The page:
People contemplating marriage are increasingly using prenuptial agreements as a way to strengthen their relationships and create financial harmony before tying the knot. These agreements help give each party a better understanding of each other’s assets, debts, and financial goals while removing potential financial incentives to separate down the road that could hurt the relationship. The following guide reviews the key aspects of creating a prenuptial agreement.
One of the most important jobs of a prenuptial agreement is to specify what property of yours will be considered separately owned and what will be considered shared. Without a prenuptial agreement, this can be ambiguous. The agreement solves this by clearly defining how property will be treated depending on the intention of the parties and who purchased it. After signing the agreement, property will only be considered shared if 1) it is purchased using joint funds or 2) there is clear documentation showing the parties’ intent to share it. All other property will be considered separately owned.
So, for instance, if your spouse buys a car using only her money, then the car will be considered her separately owned property. If you later decide that you want it to be shared property, you can simply sign a written statement to that effect, such as “We intend to share ownership of the 2015 Subaru Outback that Jessica purchased on October 25, 2018.” You can always reclassify property as shared or separate in this manner.
You can choose to require that the parties settle disputes regarding the agreement through mediation and/or arbitration instead of in a court of law. Mediation is a form of non-binding dispute resolution where an impartial mediator helps the parties work through their differences in order to reach a compromise. Should mediation fail to produce a settlement, then the parties can appear before an arbitrator with or without individual attorneys present. An arbitrator is similar to a judge, and is often a lawyer who specializes in deciding cases in the area of the law where the dispute has occurred. By agreeing to submit disputes to arbitration, each party is agreeing to waive their right to appear in court to have a judge issue a ruling on their dispute. Instead, the parties agree that the arbitrator’s ruling will be legally binding. The advantage here is that arbitration is normally much faster and considerably less expensive than using the formal court system.
Please keep in mind that a prenuptial agreement does not replace a last will and testament. Each party should still create an estate plan for how their assets should be distributed in the event of their death. Also, the parties are still free to name each other as beneficiaries in their wills, trusts, or retirement plans.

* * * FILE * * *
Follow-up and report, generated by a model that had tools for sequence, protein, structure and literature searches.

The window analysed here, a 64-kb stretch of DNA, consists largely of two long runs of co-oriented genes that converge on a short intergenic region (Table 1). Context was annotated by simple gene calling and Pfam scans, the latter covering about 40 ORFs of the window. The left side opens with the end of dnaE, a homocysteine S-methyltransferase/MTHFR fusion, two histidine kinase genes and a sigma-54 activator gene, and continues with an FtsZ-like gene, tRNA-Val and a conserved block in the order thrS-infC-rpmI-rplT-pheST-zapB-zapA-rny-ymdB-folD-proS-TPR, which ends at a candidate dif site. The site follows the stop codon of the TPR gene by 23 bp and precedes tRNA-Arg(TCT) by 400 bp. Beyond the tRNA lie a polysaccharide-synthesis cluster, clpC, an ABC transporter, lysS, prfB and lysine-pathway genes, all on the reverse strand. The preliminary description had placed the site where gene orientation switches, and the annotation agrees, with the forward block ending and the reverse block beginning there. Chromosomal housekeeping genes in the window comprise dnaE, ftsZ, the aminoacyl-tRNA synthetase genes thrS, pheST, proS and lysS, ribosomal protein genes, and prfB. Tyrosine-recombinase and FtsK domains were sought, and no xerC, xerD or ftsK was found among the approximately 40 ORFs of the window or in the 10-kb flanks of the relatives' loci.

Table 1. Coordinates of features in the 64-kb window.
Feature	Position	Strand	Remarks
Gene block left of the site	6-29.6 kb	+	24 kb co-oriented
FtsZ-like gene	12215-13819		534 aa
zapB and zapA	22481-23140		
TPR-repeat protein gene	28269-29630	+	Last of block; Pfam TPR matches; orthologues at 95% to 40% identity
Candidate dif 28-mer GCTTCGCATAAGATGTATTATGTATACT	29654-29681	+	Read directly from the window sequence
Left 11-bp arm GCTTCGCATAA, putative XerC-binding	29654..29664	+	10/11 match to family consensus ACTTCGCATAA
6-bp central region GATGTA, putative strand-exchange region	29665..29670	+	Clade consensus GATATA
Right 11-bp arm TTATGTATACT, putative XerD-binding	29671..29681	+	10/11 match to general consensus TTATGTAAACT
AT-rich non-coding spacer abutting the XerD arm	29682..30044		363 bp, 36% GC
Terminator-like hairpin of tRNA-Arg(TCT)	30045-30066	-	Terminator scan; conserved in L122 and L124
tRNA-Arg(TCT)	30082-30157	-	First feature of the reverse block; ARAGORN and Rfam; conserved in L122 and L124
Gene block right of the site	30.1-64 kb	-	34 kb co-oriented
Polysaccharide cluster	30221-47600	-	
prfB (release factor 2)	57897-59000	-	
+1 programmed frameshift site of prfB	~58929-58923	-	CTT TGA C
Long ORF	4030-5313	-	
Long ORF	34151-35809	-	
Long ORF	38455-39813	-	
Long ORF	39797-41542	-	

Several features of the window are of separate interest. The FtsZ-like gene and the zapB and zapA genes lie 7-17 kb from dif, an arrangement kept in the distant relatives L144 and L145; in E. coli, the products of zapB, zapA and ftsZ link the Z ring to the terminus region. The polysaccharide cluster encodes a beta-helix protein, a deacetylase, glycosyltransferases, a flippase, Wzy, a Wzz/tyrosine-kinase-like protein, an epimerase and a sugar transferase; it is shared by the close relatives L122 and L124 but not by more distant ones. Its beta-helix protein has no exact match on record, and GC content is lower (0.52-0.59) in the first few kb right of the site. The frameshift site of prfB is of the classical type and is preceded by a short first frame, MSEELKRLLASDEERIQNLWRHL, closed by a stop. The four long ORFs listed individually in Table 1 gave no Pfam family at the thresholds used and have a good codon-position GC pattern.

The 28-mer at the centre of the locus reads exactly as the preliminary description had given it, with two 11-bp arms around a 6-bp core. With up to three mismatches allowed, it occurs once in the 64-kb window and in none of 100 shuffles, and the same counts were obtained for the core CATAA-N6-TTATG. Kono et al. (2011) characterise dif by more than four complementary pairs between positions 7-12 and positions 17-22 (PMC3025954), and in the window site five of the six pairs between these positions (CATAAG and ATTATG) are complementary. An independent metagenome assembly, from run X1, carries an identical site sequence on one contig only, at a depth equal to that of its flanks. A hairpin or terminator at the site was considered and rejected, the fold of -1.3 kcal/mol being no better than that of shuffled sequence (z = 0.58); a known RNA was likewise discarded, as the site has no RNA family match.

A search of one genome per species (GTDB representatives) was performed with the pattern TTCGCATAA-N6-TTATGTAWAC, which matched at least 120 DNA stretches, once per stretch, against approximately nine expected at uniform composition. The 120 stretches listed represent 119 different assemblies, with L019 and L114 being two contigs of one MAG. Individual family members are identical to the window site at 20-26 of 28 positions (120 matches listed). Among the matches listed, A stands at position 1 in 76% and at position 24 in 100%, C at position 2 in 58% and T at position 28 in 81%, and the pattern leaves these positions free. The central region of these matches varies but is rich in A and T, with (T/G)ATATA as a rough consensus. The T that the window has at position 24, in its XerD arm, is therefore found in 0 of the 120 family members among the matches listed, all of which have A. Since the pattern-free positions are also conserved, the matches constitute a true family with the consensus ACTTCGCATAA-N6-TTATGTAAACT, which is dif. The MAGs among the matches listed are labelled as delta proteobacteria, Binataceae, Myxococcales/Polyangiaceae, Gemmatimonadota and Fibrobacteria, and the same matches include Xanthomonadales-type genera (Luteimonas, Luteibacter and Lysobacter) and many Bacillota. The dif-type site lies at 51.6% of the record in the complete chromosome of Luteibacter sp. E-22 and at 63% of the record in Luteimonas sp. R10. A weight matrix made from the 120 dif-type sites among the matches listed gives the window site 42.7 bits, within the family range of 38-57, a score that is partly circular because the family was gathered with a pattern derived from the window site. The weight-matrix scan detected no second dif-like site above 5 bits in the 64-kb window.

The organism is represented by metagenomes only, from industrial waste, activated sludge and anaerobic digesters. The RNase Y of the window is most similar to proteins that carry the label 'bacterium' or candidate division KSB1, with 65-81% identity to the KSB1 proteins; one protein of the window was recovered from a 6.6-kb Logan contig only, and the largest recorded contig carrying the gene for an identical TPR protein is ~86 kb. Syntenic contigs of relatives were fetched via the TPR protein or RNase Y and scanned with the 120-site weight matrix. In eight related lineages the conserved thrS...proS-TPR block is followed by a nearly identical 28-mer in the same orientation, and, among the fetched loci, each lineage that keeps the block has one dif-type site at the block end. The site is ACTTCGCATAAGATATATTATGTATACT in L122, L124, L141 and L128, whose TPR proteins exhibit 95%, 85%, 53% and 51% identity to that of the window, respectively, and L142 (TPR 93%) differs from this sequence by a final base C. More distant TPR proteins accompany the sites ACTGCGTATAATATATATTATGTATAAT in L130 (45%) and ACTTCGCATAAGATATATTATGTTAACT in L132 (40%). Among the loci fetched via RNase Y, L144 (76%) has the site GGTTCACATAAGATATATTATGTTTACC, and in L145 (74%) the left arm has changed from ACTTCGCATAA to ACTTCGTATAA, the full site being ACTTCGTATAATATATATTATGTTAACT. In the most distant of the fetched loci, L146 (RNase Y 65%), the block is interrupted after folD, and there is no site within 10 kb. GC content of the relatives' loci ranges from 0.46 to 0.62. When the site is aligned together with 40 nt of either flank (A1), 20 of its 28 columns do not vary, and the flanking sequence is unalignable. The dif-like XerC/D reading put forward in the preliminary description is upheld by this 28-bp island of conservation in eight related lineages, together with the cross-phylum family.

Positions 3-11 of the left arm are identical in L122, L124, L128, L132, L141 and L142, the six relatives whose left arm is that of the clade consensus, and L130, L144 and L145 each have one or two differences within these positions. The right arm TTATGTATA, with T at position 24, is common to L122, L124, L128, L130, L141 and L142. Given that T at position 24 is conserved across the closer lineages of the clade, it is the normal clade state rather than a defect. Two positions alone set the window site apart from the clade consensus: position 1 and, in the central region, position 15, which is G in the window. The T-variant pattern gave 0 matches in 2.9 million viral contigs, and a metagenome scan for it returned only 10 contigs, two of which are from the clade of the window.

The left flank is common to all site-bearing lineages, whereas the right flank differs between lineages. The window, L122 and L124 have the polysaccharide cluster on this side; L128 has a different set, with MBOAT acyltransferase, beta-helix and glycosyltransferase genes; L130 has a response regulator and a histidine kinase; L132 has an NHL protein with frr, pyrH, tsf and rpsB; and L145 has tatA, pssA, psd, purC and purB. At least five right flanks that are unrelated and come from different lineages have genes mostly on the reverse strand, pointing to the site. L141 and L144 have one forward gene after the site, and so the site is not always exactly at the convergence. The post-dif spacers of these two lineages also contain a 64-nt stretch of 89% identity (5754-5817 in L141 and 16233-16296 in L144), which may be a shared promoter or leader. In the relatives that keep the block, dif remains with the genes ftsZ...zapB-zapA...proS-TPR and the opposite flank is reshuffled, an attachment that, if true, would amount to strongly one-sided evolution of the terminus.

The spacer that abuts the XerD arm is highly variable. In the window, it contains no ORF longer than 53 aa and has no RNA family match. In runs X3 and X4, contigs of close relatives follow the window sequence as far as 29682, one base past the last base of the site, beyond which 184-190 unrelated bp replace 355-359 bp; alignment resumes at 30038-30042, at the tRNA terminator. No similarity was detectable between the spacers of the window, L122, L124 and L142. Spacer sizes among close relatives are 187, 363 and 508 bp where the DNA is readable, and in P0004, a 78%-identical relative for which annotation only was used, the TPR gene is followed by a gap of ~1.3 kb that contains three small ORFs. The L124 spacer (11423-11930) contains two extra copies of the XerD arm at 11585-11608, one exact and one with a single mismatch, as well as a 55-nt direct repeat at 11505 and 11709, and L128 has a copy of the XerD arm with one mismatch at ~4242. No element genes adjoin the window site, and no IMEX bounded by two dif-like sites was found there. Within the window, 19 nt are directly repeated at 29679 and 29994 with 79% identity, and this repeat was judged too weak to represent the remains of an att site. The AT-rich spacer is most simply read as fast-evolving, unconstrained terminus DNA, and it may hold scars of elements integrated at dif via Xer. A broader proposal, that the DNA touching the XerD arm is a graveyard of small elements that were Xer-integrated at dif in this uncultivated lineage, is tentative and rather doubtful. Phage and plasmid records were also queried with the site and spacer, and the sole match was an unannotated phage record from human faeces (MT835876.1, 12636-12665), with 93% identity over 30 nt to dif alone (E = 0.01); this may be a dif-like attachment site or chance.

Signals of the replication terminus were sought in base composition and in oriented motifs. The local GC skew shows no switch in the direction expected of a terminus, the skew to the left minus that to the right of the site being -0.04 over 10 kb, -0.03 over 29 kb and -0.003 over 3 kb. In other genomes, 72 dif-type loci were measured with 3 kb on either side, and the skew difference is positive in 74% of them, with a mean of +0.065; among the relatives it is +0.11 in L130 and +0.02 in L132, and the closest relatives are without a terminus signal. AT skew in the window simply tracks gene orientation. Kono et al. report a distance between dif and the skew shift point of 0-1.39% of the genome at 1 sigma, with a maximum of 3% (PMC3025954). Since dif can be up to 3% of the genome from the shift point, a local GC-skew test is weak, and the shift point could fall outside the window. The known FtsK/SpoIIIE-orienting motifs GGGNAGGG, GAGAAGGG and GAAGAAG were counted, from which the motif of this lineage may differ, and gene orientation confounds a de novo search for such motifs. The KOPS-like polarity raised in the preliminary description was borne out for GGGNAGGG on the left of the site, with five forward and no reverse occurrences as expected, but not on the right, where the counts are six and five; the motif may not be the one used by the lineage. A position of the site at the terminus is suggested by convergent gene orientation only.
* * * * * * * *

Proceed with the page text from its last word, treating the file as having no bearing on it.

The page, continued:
Most states require that the soon-to-be spouses take a “reasonable” amount of time to review their prenuptial agreement and seek any desired legal or financial counsel before signing it. It is best to wait a minimum of one week after receiving the final version of the agreement before signing it in order to make sure it is legally enforceable. In states such as California, the one-week waiting period is mandatory.
Your agreement must be correctly executed (signed and witnessed) in order to be valid. When you are ready to sign, have each party initial the bottom of each page to show they have read it. Wait to sign until you are in the presence of a notary public and two other witnesses (three witnesses are needed in New Hampshire and Vermont). After signing, provide a copy of the fully executed agreement to each party.
A prenuptial agreement is an agreement or contract created by a couple before they are married. This legal document lists the property owned by each person and spells out how the property will be divided if the marriage ends in divorce. Also called a “prenup,” “ante-nuptial agreement,” or even “prenuptial contract,” this document can be used to protect specific assets or income from division if there is a divorce.
While the idea of a prenuptial agreement may create the impression of a very wealthy person attempting to protect their assets from a future spouse with few assets, anyone can create a prenuptial agreement. Some possible reasons to get a prenuptial agreement beyond wealth include the following:
Each state has its own provisions for the definition of personal property and jointly owned or community property. A prenuptial agreement allows you to define and protect specific property in the event of a divorce. Without a prenup, a court could decide how to divide your assets instead. The following items can be included in a prenuptial agreement:
While state laws vary, most states do not allow the following items or issues to be included in a prenuptial agreement:
It depends on where you live and whether the agreement contains a sunset clause, which allows the prenuptial agreement to only exist for a set period of time. Once that time has passed, the protected property becomes joint property, shared by both parties in most states.